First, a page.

The game may look simple in terms of visuals and character design but you will find that the game is actually incredibly challenging and requires a lot to take in. If your family is going to survive you must carefully manage all four characters, which includes food, water, showers and sleep. You have to maintain the shelter so that it can run efficiently for your family to live in.
The game focuses tasks that must be carried out and its your job to select characters in your family to carry out certain jobs. This is where the stats of your characters and their traits can come in handy or hold them back. For example, a family member with high charisma or intelligence can sway those bandits into negotiations. This can avoid confrontation and even help to recruit more allies.
You search the dangerous wasteland in for supplies, food and materials which are vitally important. It’s important to keep tabs on the state of the shelter though and maintain it. There’s a lot to remember and keep on top of which you may either find challenging and enjoyable or frustrating if you find that level of management stressful. The game can also be incredibly sad at times, despite the simple design. Members of your family can die which also has an impact on the other dwellers of the shelter. The whole game requires you to think about the possible outcomes of specific actions and you have to carefully think about how to approach situations and prepare for the future. It feels like the Sims but set in a dark and desperate world.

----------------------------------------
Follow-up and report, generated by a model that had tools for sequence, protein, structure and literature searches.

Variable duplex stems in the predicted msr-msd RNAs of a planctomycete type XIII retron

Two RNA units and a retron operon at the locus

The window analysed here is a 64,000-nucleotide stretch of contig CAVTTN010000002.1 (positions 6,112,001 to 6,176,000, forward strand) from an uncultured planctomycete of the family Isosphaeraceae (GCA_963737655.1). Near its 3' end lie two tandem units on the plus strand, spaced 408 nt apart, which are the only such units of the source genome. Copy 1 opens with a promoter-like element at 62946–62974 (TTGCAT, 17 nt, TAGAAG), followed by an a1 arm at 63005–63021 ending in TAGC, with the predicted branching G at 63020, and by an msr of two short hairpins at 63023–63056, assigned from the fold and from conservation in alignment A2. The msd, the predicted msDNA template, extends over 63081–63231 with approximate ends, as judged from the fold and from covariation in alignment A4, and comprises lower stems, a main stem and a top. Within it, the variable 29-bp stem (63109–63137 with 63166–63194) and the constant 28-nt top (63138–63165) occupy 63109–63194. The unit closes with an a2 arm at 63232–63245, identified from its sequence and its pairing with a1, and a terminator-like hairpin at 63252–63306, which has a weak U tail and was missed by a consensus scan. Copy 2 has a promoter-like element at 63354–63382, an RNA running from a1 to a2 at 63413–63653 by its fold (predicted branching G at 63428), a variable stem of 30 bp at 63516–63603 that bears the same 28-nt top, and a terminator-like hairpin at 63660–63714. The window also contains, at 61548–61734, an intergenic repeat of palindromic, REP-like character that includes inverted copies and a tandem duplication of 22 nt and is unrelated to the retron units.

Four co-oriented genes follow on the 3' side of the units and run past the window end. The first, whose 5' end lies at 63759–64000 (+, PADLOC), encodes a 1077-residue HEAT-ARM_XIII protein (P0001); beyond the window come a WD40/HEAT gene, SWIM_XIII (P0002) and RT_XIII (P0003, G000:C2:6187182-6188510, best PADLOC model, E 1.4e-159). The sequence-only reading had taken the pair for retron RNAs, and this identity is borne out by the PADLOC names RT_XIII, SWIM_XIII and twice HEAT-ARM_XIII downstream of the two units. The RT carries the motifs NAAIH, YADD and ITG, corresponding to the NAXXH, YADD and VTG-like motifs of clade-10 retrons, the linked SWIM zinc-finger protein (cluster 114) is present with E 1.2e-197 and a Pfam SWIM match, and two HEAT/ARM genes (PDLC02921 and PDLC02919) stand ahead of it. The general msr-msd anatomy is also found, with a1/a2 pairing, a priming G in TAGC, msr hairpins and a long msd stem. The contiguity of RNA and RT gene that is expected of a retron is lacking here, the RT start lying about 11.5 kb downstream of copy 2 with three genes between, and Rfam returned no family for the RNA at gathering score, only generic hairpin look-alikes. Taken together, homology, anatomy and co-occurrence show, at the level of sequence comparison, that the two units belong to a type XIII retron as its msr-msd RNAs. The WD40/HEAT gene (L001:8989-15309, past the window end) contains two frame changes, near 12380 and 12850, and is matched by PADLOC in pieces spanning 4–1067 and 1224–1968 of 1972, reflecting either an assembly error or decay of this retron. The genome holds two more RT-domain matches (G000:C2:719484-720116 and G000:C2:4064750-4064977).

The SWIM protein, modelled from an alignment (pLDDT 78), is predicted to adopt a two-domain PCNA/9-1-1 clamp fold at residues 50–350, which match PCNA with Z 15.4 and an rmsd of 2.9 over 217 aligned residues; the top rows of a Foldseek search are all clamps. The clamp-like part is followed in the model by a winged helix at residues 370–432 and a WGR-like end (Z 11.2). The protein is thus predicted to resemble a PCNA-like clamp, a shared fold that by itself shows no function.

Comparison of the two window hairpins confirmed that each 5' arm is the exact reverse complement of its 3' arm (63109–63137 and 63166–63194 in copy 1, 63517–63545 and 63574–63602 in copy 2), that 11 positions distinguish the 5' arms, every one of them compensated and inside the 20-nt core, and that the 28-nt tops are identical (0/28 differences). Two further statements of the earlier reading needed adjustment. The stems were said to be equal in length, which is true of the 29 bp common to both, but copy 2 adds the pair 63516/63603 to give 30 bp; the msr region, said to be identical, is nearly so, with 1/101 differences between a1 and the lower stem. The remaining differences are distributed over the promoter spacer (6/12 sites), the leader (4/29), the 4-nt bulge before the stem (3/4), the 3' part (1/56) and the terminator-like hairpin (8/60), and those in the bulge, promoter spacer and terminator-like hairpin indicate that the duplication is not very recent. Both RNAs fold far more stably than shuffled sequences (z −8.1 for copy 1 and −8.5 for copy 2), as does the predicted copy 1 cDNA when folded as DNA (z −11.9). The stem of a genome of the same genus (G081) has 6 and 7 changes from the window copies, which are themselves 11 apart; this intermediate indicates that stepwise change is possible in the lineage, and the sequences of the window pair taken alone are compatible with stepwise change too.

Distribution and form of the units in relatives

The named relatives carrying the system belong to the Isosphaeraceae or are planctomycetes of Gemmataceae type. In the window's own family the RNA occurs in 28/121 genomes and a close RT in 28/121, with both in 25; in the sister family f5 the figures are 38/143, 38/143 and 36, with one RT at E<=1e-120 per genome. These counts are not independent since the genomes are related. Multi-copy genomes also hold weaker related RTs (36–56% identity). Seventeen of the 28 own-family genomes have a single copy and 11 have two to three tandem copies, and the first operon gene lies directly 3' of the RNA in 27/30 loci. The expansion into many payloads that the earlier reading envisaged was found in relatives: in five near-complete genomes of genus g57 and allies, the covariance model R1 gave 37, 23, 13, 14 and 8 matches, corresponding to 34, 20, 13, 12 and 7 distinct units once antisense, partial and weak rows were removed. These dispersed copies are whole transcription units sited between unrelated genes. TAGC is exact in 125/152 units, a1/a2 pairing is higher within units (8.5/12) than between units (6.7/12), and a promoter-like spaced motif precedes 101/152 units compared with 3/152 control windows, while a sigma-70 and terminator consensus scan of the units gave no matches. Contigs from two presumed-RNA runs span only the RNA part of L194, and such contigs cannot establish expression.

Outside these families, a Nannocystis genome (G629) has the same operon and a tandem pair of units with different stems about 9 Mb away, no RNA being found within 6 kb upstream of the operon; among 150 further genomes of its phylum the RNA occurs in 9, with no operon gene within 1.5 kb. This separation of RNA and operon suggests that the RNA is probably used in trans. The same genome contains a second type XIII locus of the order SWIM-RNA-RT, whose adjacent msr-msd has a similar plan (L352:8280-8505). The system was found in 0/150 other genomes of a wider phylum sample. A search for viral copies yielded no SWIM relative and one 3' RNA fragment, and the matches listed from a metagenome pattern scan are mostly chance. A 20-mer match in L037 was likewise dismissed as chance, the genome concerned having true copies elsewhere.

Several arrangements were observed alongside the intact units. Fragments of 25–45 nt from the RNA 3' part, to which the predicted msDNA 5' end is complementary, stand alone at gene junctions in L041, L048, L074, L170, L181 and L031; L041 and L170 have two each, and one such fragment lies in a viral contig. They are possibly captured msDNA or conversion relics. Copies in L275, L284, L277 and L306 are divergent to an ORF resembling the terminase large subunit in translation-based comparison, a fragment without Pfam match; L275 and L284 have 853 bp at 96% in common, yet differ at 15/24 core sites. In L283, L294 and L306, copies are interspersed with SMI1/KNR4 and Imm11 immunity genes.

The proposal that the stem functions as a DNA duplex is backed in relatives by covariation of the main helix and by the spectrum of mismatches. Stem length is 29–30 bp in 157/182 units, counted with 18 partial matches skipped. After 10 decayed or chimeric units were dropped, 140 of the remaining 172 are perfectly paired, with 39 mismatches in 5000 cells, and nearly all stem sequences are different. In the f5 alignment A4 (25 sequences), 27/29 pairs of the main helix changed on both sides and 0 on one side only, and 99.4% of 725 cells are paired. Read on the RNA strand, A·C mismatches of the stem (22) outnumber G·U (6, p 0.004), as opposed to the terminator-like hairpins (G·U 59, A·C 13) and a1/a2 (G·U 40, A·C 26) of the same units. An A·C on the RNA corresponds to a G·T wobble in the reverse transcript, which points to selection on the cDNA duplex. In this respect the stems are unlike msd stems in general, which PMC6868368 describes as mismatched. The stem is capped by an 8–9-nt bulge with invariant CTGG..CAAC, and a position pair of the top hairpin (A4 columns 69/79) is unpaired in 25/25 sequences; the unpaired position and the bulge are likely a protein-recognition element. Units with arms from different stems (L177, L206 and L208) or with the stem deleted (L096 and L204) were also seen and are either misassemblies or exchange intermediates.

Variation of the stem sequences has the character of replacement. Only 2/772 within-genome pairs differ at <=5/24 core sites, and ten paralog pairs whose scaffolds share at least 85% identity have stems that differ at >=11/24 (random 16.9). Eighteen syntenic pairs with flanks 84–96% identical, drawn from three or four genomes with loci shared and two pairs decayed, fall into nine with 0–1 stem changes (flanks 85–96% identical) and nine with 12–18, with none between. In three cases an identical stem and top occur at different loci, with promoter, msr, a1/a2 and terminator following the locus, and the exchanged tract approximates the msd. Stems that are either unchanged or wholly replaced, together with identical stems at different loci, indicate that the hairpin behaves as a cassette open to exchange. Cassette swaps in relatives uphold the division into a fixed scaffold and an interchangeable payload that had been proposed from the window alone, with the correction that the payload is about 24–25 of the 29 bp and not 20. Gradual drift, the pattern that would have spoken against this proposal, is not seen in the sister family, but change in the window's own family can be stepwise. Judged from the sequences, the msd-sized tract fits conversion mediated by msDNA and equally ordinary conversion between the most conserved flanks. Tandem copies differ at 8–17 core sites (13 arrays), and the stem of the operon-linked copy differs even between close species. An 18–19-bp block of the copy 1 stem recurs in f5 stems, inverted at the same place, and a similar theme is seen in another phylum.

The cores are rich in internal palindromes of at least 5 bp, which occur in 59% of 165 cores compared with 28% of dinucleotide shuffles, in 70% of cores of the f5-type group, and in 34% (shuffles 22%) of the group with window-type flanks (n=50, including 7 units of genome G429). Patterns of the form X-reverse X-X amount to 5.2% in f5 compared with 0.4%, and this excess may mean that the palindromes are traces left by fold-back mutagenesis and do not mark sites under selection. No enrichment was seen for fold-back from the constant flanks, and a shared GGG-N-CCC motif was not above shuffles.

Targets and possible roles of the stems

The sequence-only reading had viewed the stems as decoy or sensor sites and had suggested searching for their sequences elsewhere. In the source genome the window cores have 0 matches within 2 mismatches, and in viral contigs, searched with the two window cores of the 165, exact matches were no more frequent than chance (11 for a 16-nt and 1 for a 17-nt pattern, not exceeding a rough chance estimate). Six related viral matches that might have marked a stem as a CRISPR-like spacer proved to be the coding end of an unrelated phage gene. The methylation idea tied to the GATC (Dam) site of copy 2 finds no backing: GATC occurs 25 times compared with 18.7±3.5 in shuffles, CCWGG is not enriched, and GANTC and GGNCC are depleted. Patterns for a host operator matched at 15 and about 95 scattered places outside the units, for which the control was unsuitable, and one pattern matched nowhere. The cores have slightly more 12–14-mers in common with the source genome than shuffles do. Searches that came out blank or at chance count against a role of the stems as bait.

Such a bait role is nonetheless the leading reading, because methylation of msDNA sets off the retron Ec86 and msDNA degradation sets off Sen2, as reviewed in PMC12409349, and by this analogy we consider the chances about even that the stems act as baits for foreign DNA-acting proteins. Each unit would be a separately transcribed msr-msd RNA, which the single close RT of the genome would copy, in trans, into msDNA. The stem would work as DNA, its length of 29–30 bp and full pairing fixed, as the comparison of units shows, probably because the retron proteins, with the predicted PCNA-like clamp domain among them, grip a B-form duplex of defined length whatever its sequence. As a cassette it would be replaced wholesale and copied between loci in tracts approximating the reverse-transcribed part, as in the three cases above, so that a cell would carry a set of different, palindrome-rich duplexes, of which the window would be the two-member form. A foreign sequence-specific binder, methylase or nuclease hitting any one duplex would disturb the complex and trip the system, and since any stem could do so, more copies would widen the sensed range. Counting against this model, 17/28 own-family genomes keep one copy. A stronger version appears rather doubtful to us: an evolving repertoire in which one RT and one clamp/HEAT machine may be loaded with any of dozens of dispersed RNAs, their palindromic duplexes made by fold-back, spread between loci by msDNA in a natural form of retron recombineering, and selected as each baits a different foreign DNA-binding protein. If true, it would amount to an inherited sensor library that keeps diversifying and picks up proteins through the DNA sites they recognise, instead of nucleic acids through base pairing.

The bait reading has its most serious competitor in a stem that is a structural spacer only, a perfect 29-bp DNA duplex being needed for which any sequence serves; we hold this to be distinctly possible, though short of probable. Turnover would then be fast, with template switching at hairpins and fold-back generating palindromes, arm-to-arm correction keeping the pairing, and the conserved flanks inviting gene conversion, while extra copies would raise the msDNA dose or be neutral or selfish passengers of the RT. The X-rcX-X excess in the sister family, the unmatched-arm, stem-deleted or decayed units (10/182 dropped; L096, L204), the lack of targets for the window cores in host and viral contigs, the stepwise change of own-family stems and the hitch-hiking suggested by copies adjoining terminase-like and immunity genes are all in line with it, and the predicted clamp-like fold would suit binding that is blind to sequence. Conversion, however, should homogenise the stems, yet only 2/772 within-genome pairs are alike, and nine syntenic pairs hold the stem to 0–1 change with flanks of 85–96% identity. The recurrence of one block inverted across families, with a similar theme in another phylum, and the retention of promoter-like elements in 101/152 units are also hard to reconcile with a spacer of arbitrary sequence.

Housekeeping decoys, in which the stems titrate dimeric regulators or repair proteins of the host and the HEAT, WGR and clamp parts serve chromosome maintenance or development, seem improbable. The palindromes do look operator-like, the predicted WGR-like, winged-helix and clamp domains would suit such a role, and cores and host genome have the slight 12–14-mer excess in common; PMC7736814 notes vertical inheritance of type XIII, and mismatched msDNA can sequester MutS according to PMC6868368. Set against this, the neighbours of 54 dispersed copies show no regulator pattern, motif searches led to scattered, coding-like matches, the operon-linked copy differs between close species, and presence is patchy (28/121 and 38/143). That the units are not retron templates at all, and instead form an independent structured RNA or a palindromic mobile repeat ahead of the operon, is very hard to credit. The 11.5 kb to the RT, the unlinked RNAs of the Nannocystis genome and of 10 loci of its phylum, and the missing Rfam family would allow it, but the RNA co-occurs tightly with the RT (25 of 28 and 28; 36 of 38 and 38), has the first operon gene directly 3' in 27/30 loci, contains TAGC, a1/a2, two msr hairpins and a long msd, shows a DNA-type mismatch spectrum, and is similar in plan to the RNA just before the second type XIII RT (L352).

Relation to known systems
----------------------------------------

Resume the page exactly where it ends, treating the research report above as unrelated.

You can also interact with traders, that can be very useful and provide important lifesaving materials and items. The items they sell though are expensive and you have to decide whether to splash out on materials or take the risk and wait to see if you can scavenge the wasteland for them.